Chris Kuell writes about...
Hearing Bewildering Stories
Thanks for your e-mail. I use speech output, or screen reading software. When I type, my computer says the letters, and with certain keystrokes I can make it read words, sentences, pages, or most things.
It has flaws: for instance, it won’t read comments put into a Word document with the edit function, or security numbers or words designed only for visual recognition. Most web pages are okay, if cumbersome, unless there is a split window (that might not be the right terminology — I’m a computer user but know little else). When my screen reader focuses on one window, I may not even aware there is another window.
As for Bewildering Stories, I found your web page easily and navigated it with no difficulty, although I didn’t thoroughly explore it. I read through your editors’ picks, got a feel for the type of stories you are looking for, and then read through your guidelines.
The calendar or timeline for publication didn’t make much sense to me. I got the details for the next few issues, then a bunch of names of people who will have work appearing in the future.
Below I’ll paste in a link to an article that addresses web accessibility, especially for people with vision impairments. When you have a few minutes to kill, read it over, and maybe it will spark an idea or two: Web Accessibility
Have a great weekend,
Copyright © 2007 by Chris Kuell
Thank you for the very informative letter, Chris! I have enough trouble, myself, reading small print that I’m sensitive to the concerns of the visually impaired and want to make Bewildering Stories as accessible as possible.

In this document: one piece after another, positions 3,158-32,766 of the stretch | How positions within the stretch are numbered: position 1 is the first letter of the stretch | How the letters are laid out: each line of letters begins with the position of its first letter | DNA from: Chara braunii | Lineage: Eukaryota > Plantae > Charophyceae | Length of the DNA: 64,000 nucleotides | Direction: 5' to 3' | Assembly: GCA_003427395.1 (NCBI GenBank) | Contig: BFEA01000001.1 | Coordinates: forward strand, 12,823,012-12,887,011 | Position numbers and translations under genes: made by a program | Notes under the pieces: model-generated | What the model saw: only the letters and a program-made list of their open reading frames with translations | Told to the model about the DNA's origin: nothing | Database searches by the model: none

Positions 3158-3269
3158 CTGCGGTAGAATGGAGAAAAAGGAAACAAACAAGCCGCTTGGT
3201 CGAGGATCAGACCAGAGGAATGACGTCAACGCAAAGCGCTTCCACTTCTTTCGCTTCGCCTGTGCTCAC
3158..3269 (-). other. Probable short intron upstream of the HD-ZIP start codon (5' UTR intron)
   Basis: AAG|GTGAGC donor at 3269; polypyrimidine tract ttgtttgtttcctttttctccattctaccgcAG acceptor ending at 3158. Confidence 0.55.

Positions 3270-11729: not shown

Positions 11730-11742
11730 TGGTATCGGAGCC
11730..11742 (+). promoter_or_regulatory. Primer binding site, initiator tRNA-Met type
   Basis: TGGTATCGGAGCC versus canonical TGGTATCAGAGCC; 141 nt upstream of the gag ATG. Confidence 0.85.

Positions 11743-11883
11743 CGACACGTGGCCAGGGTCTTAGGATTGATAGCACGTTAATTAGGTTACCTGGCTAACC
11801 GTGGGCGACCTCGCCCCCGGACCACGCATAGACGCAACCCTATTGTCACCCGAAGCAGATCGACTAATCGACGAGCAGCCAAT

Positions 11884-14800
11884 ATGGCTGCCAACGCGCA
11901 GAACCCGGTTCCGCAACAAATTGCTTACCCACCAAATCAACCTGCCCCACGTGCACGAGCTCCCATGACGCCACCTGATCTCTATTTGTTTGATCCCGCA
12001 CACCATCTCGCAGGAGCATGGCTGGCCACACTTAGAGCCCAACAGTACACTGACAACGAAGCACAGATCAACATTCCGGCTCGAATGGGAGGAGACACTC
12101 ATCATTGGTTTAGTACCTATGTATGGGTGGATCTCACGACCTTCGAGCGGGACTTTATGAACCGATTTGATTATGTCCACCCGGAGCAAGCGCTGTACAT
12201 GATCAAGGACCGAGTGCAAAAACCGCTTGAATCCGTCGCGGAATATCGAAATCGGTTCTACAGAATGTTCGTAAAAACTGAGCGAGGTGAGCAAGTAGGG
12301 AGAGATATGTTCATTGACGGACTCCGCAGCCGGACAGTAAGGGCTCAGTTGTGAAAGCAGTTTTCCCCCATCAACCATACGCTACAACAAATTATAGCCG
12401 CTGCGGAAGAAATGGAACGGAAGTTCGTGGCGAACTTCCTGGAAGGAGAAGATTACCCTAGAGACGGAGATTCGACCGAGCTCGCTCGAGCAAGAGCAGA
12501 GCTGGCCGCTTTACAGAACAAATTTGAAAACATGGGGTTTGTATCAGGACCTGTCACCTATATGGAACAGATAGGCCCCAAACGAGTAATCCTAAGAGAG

The “split window” you mention discovering on some websites is probably due to the use of frames. Frames are “deprecated” — that is, obsolescent — in HTML. They are seldom seen any more on public websites, mainly because frames make a website’s contents invisible to Net indexers. That’s not a concern at the educational websites I work with, but I expect that even there the frames will eventually be replaced for the benefit of students who use text vocalizing software.
As it happens, Bewildering Stories started out with frames, but, with a lot of work, Jerry Wright and I managed to make the website “go frameless” in about the middle of Year 2. The use of server-side includes, while a little complex, makes frames and the resulting “split windows” unnecessary.
Your exploration of our website is a model of efficiency and one that all newcomers ought to adopt. I’m not surprised that the Schedule “In Times to Come” was a little hard to decipher aurally; it’s a table rather than a standard text document. From your account, it seems to me that you’ve understood it perfectly!
Monday is Victoria Day in Canada, and one of our customary “long weekends” of summer. Wishing you a fine weekend, as well.